RIO DE JANEIRO — World sprint champion Justin Gatlin won’t be taking a knee in protest this weekend if he wins an exhibition race in Brazil.
However, Gatlin said Friday that does not mean he’s against highlighting issues of racial injustice that many NFL players are trying to raise back in the United States.
"I’m going to stand up. I mean, I going to stand up," said Gatlin, anticipating a victory and the anthem being played. "I’m not saying if I take the knee or stand up that I’m for the protests."
Or against them, he added.
Gatlin, who won the 100 metres in the world championships in August in a London final that included Usain Bolt, expressed mixed emotions.
He said father Willie Gatlin was a 26-year member of the Army, and he was taught military patriotism. On the other hand, as an African-American he said it was "time to put things in order" in terms of fairness and equality.
"We as Americans, we are staying away from the narrative," he said. "And the real question is why are we staying away from the narrative."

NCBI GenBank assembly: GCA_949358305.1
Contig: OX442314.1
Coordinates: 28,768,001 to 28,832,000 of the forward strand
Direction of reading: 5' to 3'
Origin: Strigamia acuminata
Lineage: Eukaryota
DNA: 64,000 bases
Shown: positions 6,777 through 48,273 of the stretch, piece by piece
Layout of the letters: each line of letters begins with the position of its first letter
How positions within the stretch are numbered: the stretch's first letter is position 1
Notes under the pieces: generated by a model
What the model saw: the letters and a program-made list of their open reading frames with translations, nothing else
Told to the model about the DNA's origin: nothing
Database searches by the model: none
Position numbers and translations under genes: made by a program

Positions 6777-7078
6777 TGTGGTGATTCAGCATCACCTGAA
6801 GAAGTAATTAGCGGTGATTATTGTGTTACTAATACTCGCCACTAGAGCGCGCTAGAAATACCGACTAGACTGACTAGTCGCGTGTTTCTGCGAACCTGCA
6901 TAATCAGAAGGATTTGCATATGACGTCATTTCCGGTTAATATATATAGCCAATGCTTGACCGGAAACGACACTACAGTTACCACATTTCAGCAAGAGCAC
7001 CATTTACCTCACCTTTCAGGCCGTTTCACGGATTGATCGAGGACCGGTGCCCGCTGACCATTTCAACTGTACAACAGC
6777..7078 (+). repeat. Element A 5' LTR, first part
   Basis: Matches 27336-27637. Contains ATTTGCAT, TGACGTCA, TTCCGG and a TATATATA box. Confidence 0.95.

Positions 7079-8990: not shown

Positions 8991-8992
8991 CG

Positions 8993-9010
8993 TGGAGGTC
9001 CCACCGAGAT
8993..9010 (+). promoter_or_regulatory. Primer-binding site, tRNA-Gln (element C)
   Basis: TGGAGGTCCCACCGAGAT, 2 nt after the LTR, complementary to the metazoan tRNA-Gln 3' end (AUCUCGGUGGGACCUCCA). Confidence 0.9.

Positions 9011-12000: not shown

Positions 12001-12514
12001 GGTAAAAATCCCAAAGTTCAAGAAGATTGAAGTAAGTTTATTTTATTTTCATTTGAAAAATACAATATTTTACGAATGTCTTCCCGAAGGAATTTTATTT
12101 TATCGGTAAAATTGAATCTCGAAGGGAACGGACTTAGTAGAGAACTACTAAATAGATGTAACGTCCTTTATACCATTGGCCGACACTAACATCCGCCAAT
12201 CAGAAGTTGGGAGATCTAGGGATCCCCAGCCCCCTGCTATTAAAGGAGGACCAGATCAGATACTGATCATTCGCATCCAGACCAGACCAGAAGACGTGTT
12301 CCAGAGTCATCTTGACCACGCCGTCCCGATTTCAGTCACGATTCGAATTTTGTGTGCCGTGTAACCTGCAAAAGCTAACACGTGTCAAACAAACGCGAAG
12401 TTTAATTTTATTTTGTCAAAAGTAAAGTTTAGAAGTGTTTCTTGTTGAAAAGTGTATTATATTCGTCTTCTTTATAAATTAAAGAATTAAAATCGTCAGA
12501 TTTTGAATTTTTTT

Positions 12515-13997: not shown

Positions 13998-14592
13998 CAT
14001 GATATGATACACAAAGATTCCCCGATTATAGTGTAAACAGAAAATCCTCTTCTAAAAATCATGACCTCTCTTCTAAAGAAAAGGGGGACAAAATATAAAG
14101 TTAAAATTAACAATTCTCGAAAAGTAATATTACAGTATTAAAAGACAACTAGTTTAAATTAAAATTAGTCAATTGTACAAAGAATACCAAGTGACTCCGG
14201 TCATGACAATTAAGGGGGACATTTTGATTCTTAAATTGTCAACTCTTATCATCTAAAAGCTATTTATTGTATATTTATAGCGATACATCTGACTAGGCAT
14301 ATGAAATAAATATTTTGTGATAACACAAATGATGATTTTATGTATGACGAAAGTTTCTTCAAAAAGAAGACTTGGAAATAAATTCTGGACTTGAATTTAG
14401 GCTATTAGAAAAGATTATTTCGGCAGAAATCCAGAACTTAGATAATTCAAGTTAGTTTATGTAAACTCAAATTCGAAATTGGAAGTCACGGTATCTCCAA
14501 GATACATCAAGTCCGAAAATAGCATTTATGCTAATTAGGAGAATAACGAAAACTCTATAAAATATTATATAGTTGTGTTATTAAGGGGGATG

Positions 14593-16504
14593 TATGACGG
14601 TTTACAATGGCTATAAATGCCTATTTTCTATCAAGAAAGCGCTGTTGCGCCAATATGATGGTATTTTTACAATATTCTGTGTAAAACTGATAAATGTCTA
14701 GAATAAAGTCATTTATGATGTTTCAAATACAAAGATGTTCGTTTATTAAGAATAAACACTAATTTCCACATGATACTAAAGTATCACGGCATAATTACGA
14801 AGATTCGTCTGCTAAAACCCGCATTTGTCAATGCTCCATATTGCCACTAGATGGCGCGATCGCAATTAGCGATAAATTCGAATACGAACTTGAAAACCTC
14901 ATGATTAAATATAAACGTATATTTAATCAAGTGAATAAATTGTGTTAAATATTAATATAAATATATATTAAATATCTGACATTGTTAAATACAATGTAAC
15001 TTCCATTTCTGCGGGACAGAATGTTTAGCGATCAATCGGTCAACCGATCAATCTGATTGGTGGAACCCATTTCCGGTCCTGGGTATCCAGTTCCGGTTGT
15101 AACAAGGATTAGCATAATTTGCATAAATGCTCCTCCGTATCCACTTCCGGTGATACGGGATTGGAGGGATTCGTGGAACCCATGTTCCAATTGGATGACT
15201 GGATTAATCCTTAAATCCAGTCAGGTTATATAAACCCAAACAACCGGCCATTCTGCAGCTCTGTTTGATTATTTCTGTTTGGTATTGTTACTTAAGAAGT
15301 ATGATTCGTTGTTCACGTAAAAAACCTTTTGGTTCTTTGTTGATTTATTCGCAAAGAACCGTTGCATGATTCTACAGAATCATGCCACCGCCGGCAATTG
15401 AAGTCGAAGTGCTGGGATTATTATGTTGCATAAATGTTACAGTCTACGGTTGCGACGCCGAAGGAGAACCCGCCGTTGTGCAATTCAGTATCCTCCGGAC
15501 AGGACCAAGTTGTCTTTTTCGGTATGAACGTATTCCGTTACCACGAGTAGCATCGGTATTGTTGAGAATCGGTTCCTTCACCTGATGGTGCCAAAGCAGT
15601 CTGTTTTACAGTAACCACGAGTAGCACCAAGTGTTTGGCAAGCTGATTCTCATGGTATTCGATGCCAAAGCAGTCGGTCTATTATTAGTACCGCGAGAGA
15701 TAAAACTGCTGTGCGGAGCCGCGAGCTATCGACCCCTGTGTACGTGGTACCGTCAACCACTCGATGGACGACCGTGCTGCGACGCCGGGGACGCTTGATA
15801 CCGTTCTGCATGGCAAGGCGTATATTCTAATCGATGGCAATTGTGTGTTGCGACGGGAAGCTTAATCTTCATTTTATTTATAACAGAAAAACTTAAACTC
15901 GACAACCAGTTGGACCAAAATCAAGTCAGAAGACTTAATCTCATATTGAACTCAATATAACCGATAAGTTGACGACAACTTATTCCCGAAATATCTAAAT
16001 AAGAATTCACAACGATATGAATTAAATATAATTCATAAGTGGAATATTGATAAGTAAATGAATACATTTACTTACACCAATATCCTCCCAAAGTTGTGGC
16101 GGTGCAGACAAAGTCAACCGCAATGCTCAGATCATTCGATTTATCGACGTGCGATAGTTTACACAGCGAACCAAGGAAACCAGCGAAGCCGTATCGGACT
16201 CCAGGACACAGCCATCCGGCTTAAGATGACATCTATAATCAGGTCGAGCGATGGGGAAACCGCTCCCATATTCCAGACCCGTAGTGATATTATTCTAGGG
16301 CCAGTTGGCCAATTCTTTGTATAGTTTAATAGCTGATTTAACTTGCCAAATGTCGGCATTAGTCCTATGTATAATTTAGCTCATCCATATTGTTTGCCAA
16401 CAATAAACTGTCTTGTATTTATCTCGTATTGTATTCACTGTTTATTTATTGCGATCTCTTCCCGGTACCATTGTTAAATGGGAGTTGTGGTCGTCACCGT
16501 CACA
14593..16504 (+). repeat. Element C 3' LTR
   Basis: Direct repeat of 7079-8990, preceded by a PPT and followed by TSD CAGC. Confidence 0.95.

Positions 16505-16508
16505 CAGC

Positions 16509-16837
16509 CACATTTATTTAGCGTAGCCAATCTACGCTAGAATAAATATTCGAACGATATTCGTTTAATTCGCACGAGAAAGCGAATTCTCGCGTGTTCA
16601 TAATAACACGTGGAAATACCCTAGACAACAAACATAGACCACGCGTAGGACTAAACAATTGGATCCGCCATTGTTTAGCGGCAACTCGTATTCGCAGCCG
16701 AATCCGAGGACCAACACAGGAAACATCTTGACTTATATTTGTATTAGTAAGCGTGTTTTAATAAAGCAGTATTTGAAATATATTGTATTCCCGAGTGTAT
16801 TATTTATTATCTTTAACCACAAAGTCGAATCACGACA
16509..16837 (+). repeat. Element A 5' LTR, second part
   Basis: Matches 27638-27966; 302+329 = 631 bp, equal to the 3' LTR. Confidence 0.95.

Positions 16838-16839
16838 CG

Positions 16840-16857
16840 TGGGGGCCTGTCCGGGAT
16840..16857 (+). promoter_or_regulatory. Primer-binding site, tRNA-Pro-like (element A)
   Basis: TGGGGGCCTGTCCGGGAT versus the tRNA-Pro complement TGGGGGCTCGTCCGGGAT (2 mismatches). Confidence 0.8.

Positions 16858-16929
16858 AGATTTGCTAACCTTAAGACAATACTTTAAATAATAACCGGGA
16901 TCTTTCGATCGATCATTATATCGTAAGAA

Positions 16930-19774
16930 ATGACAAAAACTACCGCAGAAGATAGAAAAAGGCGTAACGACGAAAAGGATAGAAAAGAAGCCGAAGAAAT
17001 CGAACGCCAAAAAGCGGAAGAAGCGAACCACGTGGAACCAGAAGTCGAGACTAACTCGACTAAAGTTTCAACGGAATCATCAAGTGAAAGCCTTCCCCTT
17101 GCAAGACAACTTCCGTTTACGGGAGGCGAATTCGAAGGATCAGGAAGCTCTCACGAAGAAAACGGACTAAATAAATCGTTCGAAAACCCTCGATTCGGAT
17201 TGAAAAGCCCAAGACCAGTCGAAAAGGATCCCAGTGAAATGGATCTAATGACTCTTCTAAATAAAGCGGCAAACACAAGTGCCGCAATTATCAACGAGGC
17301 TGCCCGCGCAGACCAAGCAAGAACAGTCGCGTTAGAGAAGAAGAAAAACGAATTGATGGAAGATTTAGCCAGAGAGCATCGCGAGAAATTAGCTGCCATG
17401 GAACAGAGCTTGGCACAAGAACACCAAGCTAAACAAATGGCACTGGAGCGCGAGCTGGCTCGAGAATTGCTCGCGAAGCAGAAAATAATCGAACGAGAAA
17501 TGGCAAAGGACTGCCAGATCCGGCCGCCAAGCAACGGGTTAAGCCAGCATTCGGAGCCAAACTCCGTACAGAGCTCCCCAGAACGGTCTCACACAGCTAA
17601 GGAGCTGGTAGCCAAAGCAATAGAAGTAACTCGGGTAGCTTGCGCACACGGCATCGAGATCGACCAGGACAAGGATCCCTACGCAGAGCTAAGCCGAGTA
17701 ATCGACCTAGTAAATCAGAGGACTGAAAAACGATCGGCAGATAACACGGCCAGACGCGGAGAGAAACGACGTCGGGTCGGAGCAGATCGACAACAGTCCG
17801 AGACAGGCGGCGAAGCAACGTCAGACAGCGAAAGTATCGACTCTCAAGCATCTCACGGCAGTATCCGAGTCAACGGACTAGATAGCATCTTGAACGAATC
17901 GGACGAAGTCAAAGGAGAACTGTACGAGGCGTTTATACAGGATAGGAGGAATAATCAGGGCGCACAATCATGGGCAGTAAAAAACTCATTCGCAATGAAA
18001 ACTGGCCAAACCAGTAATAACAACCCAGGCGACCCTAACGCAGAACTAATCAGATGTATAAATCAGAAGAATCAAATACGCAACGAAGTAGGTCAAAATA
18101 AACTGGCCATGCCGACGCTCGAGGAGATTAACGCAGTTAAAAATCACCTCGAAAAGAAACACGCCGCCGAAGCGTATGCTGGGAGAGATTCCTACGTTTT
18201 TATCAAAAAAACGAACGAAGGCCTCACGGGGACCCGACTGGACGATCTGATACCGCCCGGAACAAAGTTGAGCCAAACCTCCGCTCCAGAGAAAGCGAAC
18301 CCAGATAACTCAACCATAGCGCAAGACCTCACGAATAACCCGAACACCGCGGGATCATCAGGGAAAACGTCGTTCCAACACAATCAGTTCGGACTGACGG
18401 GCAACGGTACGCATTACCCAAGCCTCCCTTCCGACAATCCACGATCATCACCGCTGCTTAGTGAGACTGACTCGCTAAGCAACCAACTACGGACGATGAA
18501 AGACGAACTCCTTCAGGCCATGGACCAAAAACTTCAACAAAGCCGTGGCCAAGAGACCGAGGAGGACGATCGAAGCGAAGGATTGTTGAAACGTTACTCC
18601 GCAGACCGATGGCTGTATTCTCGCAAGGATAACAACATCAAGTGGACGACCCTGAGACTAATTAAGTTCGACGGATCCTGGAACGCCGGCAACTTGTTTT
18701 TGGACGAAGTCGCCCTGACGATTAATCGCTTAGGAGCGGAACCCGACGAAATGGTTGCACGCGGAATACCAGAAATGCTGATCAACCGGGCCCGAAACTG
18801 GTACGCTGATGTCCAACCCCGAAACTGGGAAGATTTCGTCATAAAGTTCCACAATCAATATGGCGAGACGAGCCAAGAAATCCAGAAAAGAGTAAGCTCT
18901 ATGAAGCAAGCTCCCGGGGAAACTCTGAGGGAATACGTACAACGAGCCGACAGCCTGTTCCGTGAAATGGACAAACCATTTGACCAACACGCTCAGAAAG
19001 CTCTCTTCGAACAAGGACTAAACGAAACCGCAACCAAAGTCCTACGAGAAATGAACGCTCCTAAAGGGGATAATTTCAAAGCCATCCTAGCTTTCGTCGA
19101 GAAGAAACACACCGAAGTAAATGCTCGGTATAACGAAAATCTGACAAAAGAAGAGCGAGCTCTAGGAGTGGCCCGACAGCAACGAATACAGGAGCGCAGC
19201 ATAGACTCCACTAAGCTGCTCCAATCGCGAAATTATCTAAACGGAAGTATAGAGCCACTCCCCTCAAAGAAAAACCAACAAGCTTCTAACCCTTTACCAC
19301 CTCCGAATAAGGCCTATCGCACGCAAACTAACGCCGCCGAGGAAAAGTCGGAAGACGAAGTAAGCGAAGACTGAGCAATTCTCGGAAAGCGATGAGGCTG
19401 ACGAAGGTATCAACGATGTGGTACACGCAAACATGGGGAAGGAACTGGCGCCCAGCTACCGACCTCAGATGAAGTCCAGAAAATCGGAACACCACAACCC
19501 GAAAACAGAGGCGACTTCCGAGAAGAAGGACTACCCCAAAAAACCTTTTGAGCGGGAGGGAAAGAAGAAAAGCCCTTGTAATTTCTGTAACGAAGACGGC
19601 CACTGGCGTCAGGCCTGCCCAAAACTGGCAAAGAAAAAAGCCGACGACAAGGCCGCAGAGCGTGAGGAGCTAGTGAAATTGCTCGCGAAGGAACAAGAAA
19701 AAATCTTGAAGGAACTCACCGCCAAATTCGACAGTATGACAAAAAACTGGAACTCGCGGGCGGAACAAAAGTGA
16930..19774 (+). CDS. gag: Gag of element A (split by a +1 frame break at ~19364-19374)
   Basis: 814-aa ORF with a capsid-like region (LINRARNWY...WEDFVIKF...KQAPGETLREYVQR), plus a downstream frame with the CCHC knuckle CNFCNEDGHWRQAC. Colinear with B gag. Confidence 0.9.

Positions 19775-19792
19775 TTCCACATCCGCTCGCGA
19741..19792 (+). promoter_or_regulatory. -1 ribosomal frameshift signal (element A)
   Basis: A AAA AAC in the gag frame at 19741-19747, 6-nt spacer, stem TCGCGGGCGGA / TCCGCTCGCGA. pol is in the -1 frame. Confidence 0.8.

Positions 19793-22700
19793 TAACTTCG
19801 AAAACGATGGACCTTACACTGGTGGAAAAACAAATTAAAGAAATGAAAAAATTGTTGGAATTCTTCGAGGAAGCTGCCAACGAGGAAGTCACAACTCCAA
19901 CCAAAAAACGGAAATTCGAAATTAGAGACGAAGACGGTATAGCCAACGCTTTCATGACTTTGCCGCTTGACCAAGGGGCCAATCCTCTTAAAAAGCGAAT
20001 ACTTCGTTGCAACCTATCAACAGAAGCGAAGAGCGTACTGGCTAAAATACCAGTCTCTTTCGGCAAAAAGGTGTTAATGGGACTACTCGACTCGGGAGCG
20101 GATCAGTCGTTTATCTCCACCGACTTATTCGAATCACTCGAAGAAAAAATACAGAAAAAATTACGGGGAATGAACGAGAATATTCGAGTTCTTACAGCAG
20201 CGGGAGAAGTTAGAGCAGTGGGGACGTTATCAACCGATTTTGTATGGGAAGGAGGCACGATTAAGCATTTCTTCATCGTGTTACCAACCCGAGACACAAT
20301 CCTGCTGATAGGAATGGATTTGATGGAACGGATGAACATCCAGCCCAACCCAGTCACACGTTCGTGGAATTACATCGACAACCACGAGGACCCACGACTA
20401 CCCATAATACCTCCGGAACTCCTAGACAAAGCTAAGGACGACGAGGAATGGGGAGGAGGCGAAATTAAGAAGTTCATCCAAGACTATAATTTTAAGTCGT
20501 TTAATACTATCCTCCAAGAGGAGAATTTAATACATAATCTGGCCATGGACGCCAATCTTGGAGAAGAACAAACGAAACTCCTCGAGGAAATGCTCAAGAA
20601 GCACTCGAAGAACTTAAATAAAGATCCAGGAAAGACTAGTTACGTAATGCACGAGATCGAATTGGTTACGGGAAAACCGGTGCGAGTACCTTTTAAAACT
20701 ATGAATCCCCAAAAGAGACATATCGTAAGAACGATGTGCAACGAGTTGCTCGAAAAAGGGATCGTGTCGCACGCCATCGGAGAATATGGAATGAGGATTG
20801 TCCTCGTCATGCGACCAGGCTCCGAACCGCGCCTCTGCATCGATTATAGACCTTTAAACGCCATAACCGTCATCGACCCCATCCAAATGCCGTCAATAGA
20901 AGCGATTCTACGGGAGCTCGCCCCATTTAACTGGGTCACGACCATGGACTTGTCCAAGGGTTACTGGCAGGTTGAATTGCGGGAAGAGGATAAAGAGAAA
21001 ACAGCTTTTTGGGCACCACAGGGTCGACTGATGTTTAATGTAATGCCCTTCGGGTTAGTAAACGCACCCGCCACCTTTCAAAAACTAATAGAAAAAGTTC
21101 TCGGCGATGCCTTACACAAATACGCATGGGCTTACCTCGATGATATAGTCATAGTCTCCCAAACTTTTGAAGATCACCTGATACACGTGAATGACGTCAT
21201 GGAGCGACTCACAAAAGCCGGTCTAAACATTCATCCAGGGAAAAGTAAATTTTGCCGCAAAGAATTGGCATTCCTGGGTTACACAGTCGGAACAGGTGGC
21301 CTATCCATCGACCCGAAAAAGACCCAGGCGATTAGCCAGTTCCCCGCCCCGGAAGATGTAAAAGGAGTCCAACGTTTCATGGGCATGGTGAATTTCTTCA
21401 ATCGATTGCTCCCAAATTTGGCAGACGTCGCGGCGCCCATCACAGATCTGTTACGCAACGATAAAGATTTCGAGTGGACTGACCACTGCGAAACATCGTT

Gatlin’s agent, Renaldo Nehemiah, said his athlete might take a different posture were the race in the U.S., where it would get wide exposure.
"If he were at home, it might be a different stance," Nehemiah told The Associated Press. "But I think he’s probably just here to run this exhibition race."
Nehemiah played in the NFL as a receiver for the San Francisco 49ers, the same team that Colin Kaepernick was playing for when he started protesting last season at NFL games by not standing during the national anthem.
Nehemiah, who once held the world record in the 110 hurdles, said he would have taken a knee.
"Yeah, but I’m a rebel," he said. "I’ll do what’s in my heart. I’m a leader, not a follower. I think if he (Kaepernick) were on my team, I think collectively we would have talked about it as a team, and we would have done it more as team."